Digital computing has raised interest in various other number systems. In an $n$-digit $b$'s-complement base-$b$ representation, the integer $-x$ is represented by $b^n - x$, whereas in a $(b-1)$'s complement representation, $-x$ is represented by $(b^n - 1) - x$. Computers often use two's-complement (or sometimes one's-complement) binary numbers.

Very large or small numbers can be written in scientific notation, for example $1.234 \times 10^9$. Floating-point numbers in digital computers, typically using the IEEE 754 standard, serve a similar purpose.

More esoteric number systems of interest in computer science include:

  • Balanced base-$b$ number systems, which use both positive and negative digit values. The balanced ternary (base $3$) system with digit values $\{-1,0,1\}$ is an example of this kind of number system.
  • Redundant base-$b$ systems, which allow more than $n$ values of each digit. There may be many ways to represent a given number in such a number system.
  • Residue number systems, in which each digit position is assigned a fixed modulus and the digit in that position is the remainder when the number's value is divided by that modulus.

Other possible numbering systems include the Fibonacci base system and systems using a non-integer radix such as the $\phi$ number system.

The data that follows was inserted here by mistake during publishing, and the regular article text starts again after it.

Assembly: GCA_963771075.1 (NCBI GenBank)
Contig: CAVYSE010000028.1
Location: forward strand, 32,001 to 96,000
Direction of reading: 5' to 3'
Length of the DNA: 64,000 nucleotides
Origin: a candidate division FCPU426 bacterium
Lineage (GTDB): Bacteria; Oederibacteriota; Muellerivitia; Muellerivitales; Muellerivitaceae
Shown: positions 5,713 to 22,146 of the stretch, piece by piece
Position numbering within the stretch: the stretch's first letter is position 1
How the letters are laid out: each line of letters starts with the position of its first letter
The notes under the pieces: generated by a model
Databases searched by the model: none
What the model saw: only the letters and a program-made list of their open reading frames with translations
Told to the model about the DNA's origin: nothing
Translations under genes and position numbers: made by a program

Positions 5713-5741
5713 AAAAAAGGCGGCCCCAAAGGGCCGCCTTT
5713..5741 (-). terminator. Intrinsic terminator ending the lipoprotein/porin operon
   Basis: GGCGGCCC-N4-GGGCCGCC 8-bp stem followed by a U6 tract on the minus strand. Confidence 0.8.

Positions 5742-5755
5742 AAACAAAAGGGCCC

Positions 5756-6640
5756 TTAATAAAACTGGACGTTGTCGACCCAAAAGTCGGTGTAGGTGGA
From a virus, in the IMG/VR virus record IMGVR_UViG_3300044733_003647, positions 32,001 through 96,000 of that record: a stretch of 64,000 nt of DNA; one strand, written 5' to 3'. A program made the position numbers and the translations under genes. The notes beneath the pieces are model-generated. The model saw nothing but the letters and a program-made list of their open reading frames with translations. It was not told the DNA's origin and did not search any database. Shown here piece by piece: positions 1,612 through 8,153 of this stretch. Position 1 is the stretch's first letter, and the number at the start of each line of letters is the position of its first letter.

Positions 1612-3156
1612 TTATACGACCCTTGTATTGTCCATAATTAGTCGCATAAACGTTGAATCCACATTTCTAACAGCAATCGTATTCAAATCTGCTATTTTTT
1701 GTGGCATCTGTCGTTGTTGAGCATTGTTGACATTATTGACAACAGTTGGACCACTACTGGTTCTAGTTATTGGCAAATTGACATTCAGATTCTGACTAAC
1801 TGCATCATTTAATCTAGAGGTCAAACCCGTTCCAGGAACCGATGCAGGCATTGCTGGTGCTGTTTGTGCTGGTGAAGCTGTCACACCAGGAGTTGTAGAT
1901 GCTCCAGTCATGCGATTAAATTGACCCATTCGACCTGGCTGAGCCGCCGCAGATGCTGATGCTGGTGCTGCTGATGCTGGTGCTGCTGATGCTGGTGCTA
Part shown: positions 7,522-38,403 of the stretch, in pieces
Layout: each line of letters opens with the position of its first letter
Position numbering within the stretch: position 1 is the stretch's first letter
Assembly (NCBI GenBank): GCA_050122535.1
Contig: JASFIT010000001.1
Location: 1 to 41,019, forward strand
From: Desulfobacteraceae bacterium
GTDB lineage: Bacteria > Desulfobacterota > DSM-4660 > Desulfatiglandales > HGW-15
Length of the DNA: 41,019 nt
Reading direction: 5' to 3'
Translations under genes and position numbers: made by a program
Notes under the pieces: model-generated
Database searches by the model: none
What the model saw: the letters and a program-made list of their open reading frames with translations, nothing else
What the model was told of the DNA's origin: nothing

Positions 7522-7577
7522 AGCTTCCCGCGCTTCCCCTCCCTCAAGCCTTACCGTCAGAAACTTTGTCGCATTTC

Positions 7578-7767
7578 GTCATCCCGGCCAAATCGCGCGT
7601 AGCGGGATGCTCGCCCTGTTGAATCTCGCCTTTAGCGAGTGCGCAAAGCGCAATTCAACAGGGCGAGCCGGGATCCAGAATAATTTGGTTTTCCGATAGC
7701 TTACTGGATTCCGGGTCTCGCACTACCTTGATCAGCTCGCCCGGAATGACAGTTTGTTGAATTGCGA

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Converting decimal(base 10) numbers to binary by repeatedly dividing by 2

A friend of mine had a homework assignment where he needed to convert decimal(base 10) numbers to binary. I helped him out and explained one of the ways I was taught to do this. The way I showed him was to repeatedly divide the number by 2 and then…
Hunter McMillen
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Why don't we use base 6 or 11?

Another question on this site asks why we have chosen our number system to be decimal base 10. There are others asking basically the same thing as well. I'm not really satisfied with any of the answers, because most of the answers given seem to…
Michael
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What is a real number (also rational, decimal, integer, natural, cardinal, ordinal...)?